What is URETHRITIS?
Urethritis is a condition in which the urethra, or tube that transports urine from the bladder to the outside of the body, becomes irritated and inflamed. The male urethra also receives sperm.
Urinary pain and an increased desire to pee are common symptoms of urethritis. The most common cause of urethritis is bacterial infection.
Most episodes of urethritis are caused by infection by bacteria that enter the urethra from the skin around the urethra's opening. Bacteria that commonly cause urethritis include:
- Gonococcus, which is sexually transmitted and causes gonorrhea.
- Chlamydia trachomatis, which is sexually transmitted and causes chlamydia.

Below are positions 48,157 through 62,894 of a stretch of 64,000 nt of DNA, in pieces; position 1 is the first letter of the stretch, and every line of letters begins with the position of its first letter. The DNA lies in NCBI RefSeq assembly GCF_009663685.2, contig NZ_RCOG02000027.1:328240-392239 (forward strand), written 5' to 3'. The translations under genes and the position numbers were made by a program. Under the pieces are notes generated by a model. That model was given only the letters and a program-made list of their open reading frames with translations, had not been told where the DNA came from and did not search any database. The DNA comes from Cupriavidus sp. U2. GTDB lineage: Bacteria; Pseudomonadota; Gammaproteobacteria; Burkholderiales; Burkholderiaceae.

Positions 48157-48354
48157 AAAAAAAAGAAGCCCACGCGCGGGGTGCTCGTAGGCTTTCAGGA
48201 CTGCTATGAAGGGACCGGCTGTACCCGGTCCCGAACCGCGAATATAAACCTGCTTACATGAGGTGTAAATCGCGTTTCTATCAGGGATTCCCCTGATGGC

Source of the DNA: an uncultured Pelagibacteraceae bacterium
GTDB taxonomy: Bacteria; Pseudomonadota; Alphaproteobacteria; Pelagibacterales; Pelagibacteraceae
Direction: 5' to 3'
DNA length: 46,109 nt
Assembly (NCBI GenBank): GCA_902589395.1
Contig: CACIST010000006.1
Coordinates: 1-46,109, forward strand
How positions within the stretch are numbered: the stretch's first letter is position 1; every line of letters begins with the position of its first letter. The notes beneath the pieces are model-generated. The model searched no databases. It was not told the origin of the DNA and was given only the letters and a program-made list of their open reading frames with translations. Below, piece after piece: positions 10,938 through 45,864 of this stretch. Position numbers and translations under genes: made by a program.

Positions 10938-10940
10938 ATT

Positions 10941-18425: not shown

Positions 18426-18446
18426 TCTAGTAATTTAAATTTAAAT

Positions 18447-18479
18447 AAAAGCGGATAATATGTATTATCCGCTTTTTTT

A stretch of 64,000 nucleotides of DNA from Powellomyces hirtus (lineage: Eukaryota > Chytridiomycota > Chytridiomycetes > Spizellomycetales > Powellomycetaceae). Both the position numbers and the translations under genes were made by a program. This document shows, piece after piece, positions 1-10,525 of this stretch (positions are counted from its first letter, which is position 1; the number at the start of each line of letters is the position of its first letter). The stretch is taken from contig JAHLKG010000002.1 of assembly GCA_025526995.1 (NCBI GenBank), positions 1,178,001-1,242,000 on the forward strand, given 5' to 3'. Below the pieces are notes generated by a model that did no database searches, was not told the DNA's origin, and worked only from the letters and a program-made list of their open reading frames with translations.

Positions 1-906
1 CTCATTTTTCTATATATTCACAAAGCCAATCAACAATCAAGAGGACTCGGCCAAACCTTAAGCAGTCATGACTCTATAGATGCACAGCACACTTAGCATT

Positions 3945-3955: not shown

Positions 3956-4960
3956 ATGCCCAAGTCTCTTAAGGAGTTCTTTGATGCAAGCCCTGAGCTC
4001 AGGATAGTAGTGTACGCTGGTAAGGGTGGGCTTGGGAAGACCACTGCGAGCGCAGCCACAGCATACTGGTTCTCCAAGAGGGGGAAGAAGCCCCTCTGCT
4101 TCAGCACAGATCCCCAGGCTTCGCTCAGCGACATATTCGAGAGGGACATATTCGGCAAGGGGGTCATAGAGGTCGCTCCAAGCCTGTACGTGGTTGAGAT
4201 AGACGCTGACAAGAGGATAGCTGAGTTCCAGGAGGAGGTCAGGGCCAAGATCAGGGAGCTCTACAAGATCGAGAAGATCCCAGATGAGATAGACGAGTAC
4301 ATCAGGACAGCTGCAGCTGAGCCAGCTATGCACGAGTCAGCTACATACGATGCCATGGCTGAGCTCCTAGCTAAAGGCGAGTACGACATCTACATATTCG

- Bacteria in and around stool.
The herpes simplex virus (HSV-1 and HSV-2) can also cause urethritis. Trichomonas is another cause of urethritis. It is a single-celled organism that is sexually transmitted.
Sexually transmitted infections like gonorrhea and chlamydia are usually confined to the urethra. But they may extend into women's reproductive organs, causing pelvic inflammatory disease (PID).
In men, gonorrhea and chlamydia sometimes cause epididymitis, an infection of the epididymis, a tube on the outside of the testes. Both PID and epididymitis can lead to infertility.
Many bacteria that cause urethritis can be passed from one person to another through sexual contact. As a result, practicing safe sex is a critical preventative measure. The following suggestions can assist you in lowering your risk:
- Intercourse with many partners should be avoided.
- When you have sex, always use condoms
- Get tested on a regular basis.
- Others should be protected. If you find out you have a STI, tell people who could be at risk of contracting it.